Laboratory of Applied Thermodynamics (LAT/AUTh)

The Laboratory of Applied Thermodynamics (LAT) is part of the Department of Mechanical Engineering of the Aristotle University of Thessaloniki. If you have been redirected here while trying to reach the lab's website, the reason is that LAT is now a member of FuVEP.

The research work conducted at LAT is in the field of engine and vehicle emissions and fuel consumption assessment. More specifically:

  • Development and evaluation of exhaust aftertreatment devices and on-board emission control technologies.
  • Studies on new technologies for the reduction of CO2 emissions and fuel consumption.
  • Powertrain optimization, electric power flow analysis in HEVs and BEVs.
  • Current and future regulations on emissions.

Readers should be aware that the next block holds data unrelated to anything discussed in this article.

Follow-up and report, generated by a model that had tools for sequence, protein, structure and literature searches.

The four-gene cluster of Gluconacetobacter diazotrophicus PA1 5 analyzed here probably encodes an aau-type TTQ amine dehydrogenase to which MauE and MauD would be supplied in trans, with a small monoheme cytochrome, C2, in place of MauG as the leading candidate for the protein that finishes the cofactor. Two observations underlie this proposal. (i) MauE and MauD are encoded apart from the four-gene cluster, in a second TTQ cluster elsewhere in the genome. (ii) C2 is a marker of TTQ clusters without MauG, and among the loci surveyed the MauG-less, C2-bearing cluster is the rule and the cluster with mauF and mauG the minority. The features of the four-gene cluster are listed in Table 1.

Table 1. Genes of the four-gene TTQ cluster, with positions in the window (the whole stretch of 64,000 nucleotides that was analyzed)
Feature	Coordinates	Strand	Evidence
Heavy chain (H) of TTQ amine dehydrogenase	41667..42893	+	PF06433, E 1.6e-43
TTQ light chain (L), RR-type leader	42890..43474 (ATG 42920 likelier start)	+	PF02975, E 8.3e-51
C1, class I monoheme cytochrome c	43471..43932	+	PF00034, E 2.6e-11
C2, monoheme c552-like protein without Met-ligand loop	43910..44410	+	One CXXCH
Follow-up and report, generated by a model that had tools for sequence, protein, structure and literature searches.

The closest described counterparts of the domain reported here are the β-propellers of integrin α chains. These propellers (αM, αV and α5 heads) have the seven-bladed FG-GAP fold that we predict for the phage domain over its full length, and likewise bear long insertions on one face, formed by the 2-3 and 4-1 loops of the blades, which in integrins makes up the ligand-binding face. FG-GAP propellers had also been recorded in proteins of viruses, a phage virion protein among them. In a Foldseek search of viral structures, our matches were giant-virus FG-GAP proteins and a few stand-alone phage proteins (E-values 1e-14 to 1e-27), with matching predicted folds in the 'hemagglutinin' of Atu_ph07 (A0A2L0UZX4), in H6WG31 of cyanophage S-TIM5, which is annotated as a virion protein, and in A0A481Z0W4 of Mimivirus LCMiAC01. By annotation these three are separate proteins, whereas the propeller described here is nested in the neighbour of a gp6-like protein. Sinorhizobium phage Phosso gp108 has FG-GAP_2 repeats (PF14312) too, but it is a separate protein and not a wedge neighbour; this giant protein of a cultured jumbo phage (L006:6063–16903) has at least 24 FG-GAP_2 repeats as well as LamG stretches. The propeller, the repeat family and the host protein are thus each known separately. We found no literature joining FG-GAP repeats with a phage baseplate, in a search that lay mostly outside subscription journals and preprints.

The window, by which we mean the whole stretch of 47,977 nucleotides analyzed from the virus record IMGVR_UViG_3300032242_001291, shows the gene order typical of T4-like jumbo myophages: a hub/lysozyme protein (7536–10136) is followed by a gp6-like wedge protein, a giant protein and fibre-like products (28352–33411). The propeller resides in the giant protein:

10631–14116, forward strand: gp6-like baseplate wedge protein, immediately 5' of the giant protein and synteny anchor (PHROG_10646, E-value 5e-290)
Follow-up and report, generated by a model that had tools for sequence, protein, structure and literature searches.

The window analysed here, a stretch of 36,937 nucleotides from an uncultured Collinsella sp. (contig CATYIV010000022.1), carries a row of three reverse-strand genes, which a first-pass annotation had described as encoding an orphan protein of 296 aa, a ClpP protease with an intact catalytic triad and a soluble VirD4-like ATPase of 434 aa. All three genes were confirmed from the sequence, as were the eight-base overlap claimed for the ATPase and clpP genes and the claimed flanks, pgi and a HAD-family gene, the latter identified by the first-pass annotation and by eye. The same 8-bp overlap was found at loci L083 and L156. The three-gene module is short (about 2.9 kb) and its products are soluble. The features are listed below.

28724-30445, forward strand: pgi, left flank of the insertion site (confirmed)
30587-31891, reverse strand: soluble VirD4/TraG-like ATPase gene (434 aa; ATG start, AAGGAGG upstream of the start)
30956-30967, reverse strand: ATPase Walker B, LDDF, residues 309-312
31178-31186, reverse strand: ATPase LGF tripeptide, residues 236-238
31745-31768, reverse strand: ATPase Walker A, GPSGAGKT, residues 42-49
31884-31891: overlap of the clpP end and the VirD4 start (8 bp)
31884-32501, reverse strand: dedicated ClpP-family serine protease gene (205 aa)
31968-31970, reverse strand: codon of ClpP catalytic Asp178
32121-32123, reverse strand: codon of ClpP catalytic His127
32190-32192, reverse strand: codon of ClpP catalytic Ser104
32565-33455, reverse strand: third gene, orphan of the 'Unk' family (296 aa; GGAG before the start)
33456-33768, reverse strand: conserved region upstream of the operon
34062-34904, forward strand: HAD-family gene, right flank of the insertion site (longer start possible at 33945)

• Evaluation of fossil fuels, biofuels and other alternative fuels.
  • Evaluation and development of measurement equipment for gaseous and particle emissions.

LAT facilities stretch over an area of 600 m2 inside the Aristotle University Campus. We have been recently awarded a €3 million combined funding by the Ministry of Development and the Aristotle University for new equipment which is under procurement. This expansion will significantly improve our testing capabilities.

The research and technical team consists of 5 academic members, 10 senior researchers and more than 20 PhD students, engineers, technicians, undergraduate students and secretarial staff.

LAT participates in several projects funded either by the public or the private sector. During the past 3 years, the average annual turnover of the Laboratory exceeded €1.2 million with 10% coming from the Greek State, 50% from competitive projects of the European Commission, and 40% from partnerships with the industry (engineering software companies, vehicle manufacturers, ceramic substrate suppliers and fuel suppliers).

LAT also specializes in software simulation for vehicle performance, exhaust aftertreatment systems and estimation of fleet emissions. For this reason, we collaborate very closely with the two spin-off companies created by members of the lab, Exothermia and Emisia.

Group photo